The bent-over row provides a lot of possibilities for exercise variation. You can use kettlebells or dumbbells instead of the barbell variation if you have them available. When you hinge at your hips to row the weight to your stomach, you target your entire posterior chain, from calves, hamstrings, glutes to even your traps.
Bent-Over Row Benefits
- You can use a variety of equipment to do the bent-over row, such as kettlebells, dumbbells, or even a cable machine.
- You overload your muscles more effectively because you can lift a lot of weight in the bent-over row posture.
How to Do the Bent-Over Row
The initial stance remains similar to deadlift by standing feet shoulder-width apart in front of a loaded barbell placed close to shins. Hinge at your hips until your body is roughly parallel to the ground. Grab the bar with a grip that is somewhat wider than your normal deadlift grip. Put your weight on your heels and pull the barbell to your belly button, leaning back until it comes into contact with/around your belly button.
7. Chest Supported Row
As the name says, chest support is, the key element of this row variation. It removes the momentum from the equation, forcing you to rely only on your muscles to move the weight. You don’t have to support yourself in a hinge position when you do this variation, which relieves strain on your lower back.
Chest Supported Row Benefits
- This move is great at isolating your back muscles and thus activates them to the fullest extent.
- Since your spine is not overloaded trying to stabilize a ton of weight, it relieves low back pressure while still doling out a hearty workout.
- The bench also enforces strict technique, making it a favorite accessory movement for heavy lifters and anyone looking to improve their posture and build overall back muscle.
How to Do the Chest Supported Row
Set up a workout bench at a 45-degree incline and lie face down on it with your chest and stomach supported. Begin with your arms straight and a neutral grip on each dumbbell. Begin Rowing the dumbbells to your side by retracting the shoulder blades and flexing the elbows. Pause at the top of the motion, and then return to the starting position under control.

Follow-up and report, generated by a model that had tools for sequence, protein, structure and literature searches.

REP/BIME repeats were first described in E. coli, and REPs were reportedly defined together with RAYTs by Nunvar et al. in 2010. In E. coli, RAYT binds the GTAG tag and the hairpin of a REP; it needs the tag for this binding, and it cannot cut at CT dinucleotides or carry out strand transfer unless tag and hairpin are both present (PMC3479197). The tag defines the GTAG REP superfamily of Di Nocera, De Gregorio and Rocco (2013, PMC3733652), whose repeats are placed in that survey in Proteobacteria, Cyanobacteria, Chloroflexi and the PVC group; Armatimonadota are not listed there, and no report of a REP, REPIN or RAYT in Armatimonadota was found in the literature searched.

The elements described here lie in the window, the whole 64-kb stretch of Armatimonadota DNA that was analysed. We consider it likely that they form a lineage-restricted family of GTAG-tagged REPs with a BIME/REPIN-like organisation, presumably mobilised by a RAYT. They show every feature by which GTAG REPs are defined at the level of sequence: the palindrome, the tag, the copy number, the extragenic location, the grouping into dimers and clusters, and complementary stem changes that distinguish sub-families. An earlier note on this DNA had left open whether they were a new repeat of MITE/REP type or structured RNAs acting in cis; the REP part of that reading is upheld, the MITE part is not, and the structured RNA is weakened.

8. Single-Arm Row
The single-arm dumbbell row is a unilateral row variation that helps to increase your upper back strength, hypertrophy, and correct muscular imbalances. It also very well assists in the development of arm and grip strength.
Single-Arm Row Benefits
- Working one side of your body at a time makes it easier to spot and address muscular imbalances very efficiently.
- You’ll also improve your grip strength considerably as you squeeze a heavy dumbbell as hard as feasible, which of course is in addition to targeting your back muscles.
How to Do the Single-Arm Row
Position yourself on a bench so your left knee and shin are resting on it, as well as your left hand, and firmly plant your right foot onto the floor. Reach down with your right hand and grab a dumbbell. Keep your back flat and your head in a neutral position. Row the dumbbell to your side pulling your elbow toward the ceiling while ensuring to keep it close to the body. Slowly lower back down to the start position. Complete all of your reps on one side and then switch.
9. Seated Cable Row with Pause
Who doesn’t love seated cable rows? A seated cable row is a standard upper-back exercise. Adding a three-second pause when the bar reaches your torso may help you get bigger and stronger faster. A pause keeps your scapular retractors engaged, allowing them to contract for a longer period of time. Strengthening these muscles is critical since a lack of strength can lead to shoulder instability which of course would limit your strength and muscle gains in almost every upper-body exercise.